The project, which aims to improve adolescent access and uptake of reproductive health services, recently received a $100,000 grant from Grand Challenges Canada, which is funded by the Government of Canada.
A universal need
“Worldwide, people are realizing that if we don’t give adolescents the tools they need, they are at risk of numerous sexual health-related issues,” said Dr. Jill Allison, Global Health co-ordinator.
“So my colleague in Nepal, Dr. Laxmi Tamang, suggested the idea of peer education to help provide children with the information they need to make good reproductive and sexual health choices.”
The peer-education project will complement Nepal’s National Adolescent Sexual and Reproductive Health Programme and will also be integrated into the country’s sex education curriculum.
Nepal’s National Health Training Center has been tasked with the delivery of adolescent sexual and reproductive health services, but from what Dr. Allison has gathered “administrators don’t feel they are ready yet, so it leaves children in a bit of a bind as they are interested and curious about the topic.”
Education in the 21st century
The program will roll out in 10 intervention schools in earthquake-affected areas outside the Kathmandu Valley with four male and female peer educators, ranging from Grades 7-10. The students will use tablets that have games, videos and questionnaires to discuss a range of topics, including biology, relationships, contraception and gender equality.
Violence against women is pervasive in Nepal, according to a report published by Worec in 2016, which is why gender equality is an important goal for the organization, and is also one of the United Nations’ Sustainable Development Goals.
Yagiten, a Nepali technology company, has been brought on board to help develop an app interface for the project.
“Peer education has been used before with some success and not, but I think the use of technology might shift it a bit, especially in the Nepali context,” said Dr. Allison. “The need is somewhat different in the conservative society because people aren’t really talking about sexual activity the way they should be.”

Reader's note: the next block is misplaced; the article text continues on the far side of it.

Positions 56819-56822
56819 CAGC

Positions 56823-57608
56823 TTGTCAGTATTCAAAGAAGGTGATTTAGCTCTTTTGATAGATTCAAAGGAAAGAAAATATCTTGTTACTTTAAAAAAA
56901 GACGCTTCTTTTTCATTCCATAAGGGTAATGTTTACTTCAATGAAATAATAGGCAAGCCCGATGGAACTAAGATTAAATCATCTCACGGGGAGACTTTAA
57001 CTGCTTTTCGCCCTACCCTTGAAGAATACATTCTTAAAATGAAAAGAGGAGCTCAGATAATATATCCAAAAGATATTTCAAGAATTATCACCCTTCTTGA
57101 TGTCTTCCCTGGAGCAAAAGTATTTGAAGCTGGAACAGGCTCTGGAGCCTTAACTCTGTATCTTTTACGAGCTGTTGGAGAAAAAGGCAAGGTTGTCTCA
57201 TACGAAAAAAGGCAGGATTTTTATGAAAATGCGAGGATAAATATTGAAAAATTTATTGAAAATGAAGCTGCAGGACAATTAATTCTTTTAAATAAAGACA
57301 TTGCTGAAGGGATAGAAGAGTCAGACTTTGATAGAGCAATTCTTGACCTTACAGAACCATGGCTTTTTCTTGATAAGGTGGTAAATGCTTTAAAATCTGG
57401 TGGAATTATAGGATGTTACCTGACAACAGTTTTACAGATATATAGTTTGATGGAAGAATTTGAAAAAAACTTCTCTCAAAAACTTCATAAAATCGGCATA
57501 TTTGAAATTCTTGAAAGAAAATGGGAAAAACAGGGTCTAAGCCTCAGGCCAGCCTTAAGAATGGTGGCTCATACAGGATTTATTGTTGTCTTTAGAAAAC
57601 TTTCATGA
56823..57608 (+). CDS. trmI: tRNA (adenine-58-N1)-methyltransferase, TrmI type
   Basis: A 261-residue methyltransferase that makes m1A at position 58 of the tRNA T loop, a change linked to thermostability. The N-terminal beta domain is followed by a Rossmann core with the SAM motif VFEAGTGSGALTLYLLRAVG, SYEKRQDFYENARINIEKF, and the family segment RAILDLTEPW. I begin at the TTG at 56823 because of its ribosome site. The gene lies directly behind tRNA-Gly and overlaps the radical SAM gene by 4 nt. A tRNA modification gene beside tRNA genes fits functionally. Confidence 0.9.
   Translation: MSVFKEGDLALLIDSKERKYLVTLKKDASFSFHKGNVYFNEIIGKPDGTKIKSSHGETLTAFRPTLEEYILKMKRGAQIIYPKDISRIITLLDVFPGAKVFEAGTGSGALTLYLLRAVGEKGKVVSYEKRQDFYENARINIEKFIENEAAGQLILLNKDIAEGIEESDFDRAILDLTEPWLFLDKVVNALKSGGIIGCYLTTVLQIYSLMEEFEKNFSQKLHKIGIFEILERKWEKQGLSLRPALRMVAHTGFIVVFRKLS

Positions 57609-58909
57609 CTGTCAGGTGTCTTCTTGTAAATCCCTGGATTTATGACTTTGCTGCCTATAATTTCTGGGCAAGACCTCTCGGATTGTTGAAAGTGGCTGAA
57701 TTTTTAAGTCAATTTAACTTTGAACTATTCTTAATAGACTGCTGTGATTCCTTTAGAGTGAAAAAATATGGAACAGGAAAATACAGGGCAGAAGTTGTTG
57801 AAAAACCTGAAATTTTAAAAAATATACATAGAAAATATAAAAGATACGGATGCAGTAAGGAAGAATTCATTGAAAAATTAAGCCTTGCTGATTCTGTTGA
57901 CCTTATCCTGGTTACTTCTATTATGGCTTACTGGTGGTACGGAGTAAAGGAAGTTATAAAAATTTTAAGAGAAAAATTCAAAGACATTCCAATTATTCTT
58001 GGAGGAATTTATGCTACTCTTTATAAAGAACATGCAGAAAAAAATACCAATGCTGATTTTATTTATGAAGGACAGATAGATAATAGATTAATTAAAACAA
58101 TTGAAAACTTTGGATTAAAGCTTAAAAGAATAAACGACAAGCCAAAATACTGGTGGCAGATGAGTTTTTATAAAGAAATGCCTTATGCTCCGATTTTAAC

The project is a proof-of concept idea. After the first eight months, Dr. Allison and the team will see if increasing the demand increases the number of adolescents who ask for health services. They will also analyze observations from the peer educators to see if there is an increase in student’s knowledge and understanding of sexual and reproductive health.
The culmination of the project and Dr. Allison’s strong relationship with organizations in Nepal is in part thanks to the International Summer Institute for Global Health Training (InSIGHT) program.
Started by Dr. Allison and Dr. Shree Mulay, professor, Division of Community Health and Humanities, Faculty of Medicine, it has been running annually for the past six years.
The program offers eight undergraduate medical students from Memorial the opportunity to participate in a combined community based and clinical learning program in collaboration with Patan Academy of Health Sciences in Kathmandu.
The next generation
Dr. Allison believes that many adults in Nepal haven’t had adequate access to sexual and reproductive health education.
So, if they’ve been misinformed and carry that knowledge throughout their lives, they may be reluctant to share information that they don’t believe — even if it is part of the school curriculum, Dr. Allison says.
“This project is a great opportunity for young people to become change agents of values in their own community.”